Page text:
Norfolk has a long tradition of attracting royalty, and there are plenty of places worth visiting to enjoy that royal feeling - without the royal price tag!
Photo: Andi Sapey. Courtesy Sainsbury Centre for Visual Arts.
Image: Sandringham Estate
Queen Elizabeth II has a country home – Sandringham House - located on the royal Sandringham Estate in Norfolk, and William and Kate have also made their home right here in Norfolk, at Anmer House.
Sandringham House & Gardens opens to the public from April.
Image: one of the rooms at The Assembly House
If you fancy channelling your inner royalty, then why not book a room at The Assembly House? Last year they opened their brand new rooms and they’re certainly fit for royalty: each room is individually decorated with its own character and style, and very luxurious. Plus you can take in Afternoon Tea (a tradition started by the Duchess of Bedford, who was a close friend of Queen Victoria) in their Georgian dining room.
The Assembly House is located on the heart of Norwich, 42 miles from Sandringham making it a great base for a short royal break.
Image: The Paston Suite at The Maids Head Hotel
The Maids Head Hotel has a long history of royal patronage – it is rumoured that Queen Elizabeth I herself stayed here on a visit. The Maids Head lays claim to being a place of hospitality since the early 12th century, when the early Norman Bishops of Norwich established a guest house. Its guests over the centuries have included The Black Prince (eldest son of King Edward III), Catherine of Aragon and Admiral Lord Nelson.
The Maids Head is situated in the Cathedral Quarter in central Norwich.
Image: Norwich Castle Museum & Art Gallery
Norwich Castle, overlooking the city from Castle Mound, was built 900 years ago as a palace for William the Conqueror. Its imposing structure really set it apart from other buildings at the time (most were, unsurprisingly, smaller and much more modest – often made of wood instead of stone). Today the Castle is a fantastic museum and art gallery, so there’s plenty to see, including collections of fascinating objects and artefacts spanning thousands of years!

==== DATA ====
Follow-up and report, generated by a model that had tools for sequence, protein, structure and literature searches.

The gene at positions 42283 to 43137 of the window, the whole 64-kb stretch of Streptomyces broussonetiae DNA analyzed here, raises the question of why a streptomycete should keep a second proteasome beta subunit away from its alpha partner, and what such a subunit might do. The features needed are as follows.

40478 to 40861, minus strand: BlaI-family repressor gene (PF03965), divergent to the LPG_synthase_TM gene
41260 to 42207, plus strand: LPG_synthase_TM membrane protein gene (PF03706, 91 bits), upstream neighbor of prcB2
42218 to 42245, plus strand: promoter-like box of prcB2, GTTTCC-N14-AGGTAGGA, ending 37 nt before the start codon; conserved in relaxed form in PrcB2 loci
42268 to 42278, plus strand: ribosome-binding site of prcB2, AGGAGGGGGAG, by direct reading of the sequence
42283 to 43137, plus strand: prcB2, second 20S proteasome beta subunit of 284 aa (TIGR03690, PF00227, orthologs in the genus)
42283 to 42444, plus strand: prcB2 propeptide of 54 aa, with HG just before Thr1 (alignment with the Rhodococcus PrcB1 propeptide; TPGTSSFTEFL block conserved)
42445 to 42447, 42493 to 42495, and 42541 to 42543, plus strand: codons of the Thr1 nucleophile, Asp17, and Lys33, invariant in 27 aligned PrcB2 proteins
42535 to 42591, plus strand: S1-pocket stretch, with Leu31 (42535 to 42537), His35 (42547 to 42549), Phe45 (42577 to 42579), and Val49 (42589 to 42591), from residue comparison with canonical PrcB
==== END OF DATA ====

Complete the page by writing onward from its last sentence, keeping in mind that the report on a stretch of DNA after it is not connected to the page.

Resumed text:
The Bishop’s Garden, in the grounds of Norwich Cathedral, has a hebe shrub that was planted from a sprig taken from Queen Victoria’s wedding bouquet; she gave the sprig to the wife of the Bishop of Norwich back in 1840, and you can go and see the shrub that it’s grown into today! The Bishop’s Garden is open for special events in summer (for more details check their website).
Image: Norwich Cathedral library
The Queen recently paid a visit to the Sainsbury Centre for Visual Arts, on the University of East Anglia’s campus (2 miles from Norwich), to see their fantastic Fiji: Life and Art in the Pacific exhibition – this exhibition has now ended, but there are plenty more exciting collections and events to enjoy in the coming months. An amazing Fabergé exhibition is due to open in autumn which will feature loans from The Royal Collection as well as from The Hermitage Museum in St Petersburg, so schedule in a visit and stay tuned for more details!
Norwich Castle Study Centre houses six collections in Norwich: Archaeology, Costume & Textile, Decorative Art, Fine Art, Natural History and the Royal Norfolk Regimental Collection. There are millions of items in these collections and so much to see, but for Royal-enthusiasts their Costume & Textile collection will be of interest as it houses items of clothing which belonged to Marie Antoinette and Queen Victoria! View items associated with Queen Victorian here.
Image: Queen Victoria's shoes (approx 1881) from the Norfolk Museums
William and Kate's first public appearance since announcing their engagement back in 2010 was at the Thursford Collection, for the Norfolk attraction’s Christmas Spectacular, and they have visited several times since then - a great choice!
And finally the Queen always hosts Christmas for her family at Sandringham, presenting the opportunity for well wishers to visit the estate to greet the family as they head to their annual church service at Church of St. Mary Magdalene on Christmas Day.
For more information about Norfolk’s Royal Links check out our blog post here.
Abellio Greater Anglia have Advance fares from £9 one way between London Liverpool Street and Norwich. Trains run every 30 minutes. Greater Anglia also serves Colchester, Ipswich and Diss on the Norwich line. Direct trains also run from Cambridge.
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